Masthead

February 2020

Volume 36, No. 02


Executive Director

John Gilbreath

Managing Director

Karen Caropepe

Programs Manager

Tara Peters

Development Manager

Errin Patton

Marketing & Development Asssociate

Lucienne Aggarwal

Editors

Lucienne Aggagrwal & Tara Peters

Contributing Writers

Whitney Bashaw
Ian Gwin
Gus Marshall
Rayna Mathis
Paul Rauch
Carlos Snaider

Calendar Editors

Carol Levin
Jane Emerson
Tara Peters

Photography

Daniel Sheehan

Layout

Tara Peters
Karen Caropepe

Distribution

Karen Caropepe
Dan Dubie
Earshot Jazz volunteers

Send Calendar Information to:

Add a gig to the calendar online or send us an email.

Board of Directors

Danielle Leigh (President)
Chris Icasiano (Vice President)
Chris Nutter (Secretary)
Sheila Hughes (Treasurer)
John W. Comerford
Maurice James
Kenneth W. Masters
Gail Pettis
Ruby Smith Love
Diane Wah

Emeritus Board Members

Clarence Acox
Sue Coliton
Taina Honkalehto
Hideo Makihara
Kenneth W. Masters
Peter Monaghan
Lola Pedrini
Paul Toliver
Cuong Vu

Founded in 1984 by Paul de Barros, Gary Bannister, and Allen Youngblood.
Earshot Jazz is published monthly by Earshot Jazz Society of Seattle.

Subscription (with membership): $35
3417 Fremont Ave N, #221
Seattle, WA 98103
phone / (206) 547-6763

Earshot Jazz ISSN 1077-0984
Printed by Yakima Herald-Republic
© 2020 Earshot Jazz Society of Seattle

Letter from the Director

Jazz Age, 2.0

In the 100 years since 1920’s America ushered in what grew to be called “The Jazz Age,” both the country and the music have grown, and remained the same, in unimaginable ways. Through the years, jazz has become a global language while remaining a solid signifier of America’s deep hu­manity and unstoppable creative spirit. As Duke Ellington said: “Put it this way: Jazz is a good barometer of freedom… In its beginnings, the Unit­ed States of America spawned certain ideals of freedom and independence through which, eventually, jazz was evolved, and the music is so free that many people say it is the only unhampered, unhindered expression of com­plete freedom yet produced in this country.”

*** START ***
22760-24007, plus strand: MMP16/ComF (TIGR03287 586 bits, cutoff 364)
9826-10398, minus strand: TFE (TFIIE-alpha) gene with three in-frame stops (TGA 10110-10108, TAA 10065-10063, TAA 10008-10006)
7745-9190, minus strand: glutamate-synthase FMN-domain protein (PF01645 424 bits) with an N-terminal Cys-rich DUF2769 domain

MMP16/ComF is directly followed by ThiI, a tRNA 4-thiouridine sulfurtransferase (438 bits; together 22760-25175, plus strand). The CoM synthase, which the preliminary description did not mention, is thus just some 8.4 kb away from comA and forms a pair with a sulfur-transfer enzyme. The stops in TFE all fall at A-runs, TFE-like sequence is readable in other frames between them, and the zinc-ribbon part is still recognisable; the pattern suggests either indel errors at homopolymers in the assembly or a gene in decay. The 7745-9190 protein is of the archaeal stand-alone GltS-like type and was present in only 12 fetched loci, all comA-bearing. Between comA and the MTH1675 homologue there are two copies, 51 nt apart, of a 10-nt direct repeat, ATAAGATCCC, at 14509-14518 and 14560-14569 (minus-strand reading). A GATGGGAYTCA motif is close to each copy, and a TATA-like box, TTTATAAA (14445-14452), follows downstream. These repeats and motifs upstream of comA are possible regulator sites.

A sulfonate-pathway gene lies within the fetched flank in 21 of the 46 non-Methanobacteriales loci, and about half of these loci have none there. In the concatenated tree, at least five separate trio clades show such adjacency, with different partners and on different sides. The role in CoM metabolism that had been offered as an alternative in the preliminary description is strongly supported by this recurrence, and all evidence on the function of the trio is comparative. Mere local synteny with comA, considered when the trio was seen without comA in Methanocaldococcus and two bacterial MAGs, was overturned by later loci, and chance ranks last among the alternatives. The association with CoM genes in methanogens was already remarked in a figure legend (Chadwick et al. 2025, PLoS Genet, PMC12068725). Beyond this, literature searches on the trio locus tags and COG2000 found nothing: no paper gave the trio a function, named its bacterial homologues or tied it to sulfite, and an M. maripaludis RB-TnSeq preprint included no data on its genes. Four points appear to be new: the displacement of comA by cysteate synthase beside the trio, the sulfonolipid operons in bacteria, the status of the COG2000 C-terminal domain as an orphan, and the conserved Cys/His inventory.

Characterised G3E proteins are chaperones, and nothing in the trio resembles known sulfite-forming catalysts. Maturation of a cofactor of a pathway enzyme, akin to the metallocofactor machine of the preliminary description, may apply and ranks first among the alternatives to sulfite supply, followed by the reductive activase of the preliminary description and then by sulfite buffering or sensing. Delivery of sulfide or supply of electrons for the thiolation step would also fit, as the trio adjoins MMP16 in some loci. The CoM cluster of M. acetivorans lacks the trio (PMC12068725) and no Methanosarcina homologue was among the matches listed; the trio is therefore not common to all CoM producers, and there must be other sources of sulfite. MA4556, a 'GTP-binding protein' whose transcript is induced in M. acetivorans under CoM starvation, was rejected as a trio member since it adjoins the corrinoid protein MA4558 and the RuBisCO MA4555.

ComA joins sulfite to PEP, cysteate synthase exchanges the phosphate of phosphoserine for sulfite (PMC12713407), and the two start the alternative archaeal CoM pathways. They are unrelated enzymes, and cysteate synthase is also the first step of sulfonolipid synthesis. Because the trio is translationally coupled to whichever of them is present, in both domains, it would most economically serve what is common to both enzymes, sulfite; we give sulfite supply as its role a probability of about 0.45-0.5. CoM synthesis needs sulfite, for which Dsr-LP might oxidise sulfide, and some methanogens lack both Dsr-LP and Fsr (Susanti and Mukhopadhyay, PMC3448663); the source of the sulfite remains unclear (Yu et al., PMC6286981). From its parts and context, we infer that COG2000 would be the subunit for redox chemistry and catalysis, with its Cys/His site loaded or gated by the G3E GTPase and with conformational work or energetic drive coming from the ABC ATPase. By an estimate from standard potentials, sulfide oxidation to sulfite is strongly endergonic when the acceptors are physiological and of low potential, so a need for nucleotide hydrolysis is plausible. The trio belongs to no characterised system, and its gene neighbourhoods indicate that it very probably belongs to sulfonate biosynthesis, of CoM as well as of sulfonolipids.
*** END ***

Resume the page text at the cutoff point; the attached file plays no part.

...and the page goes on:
Yes, actual “freedom and independence” may still feel like elusive ideals on day-to-day social and economic levels, but if the incredibly good health of jazz is still a reliable barometer for human potential, then we have good cause for optimism. There is no better place to catch a Doppler overview of today’s jazz forecast than in New York City, especially in the January deluge of showcases, meetings, and concerts as part of the Association of Performing Arts Presenters (APAP) and Chamber Music America (CMA) conferences in mid-Town Manhattan; the Jazz Congress at Jazz at Lincoln Center; and the NYC Winter JazzFest, which puts up close to 200 perfor­mances across the East and West Village and Brooklyn. All of this within a two-week period. And, of course, Seattle jazz is brilliantly represented in that larger context by performing artists, fans, and industry professionals.

The Earshot Jazz organization is proud to serve as a broad platform for Seattle’s well-respected jazz community. Reflecting the vibrancy of the art form locally and nationally, Earshot is coming into 2020 having just completed the best year in our 35-year history. We are so grateful to our national funders, and to everyone in this community of artists, educators, fans and supporters. Thank you for your incredible support!

This issue carries many opportunities for you to join us. In addition to news, previews, profiles, and promotion of jazz events going on around the city this month, we invite you to cast your thoughtful ballot for this year’s Golden Ear and Seattle Jazz Hall of Fame Awards. And please plan to join us at the awards party at the Royal Room on March 9, with Jim Wilke as Master of the Ceremonies, and world class music by Marina Albero.

So, dig in and enjoy this issue. As always, you can find additional and updated information online at earshot.org. All of it is made possible by your individual donations.

Thank you!

–John Gilbreath, Executive Director

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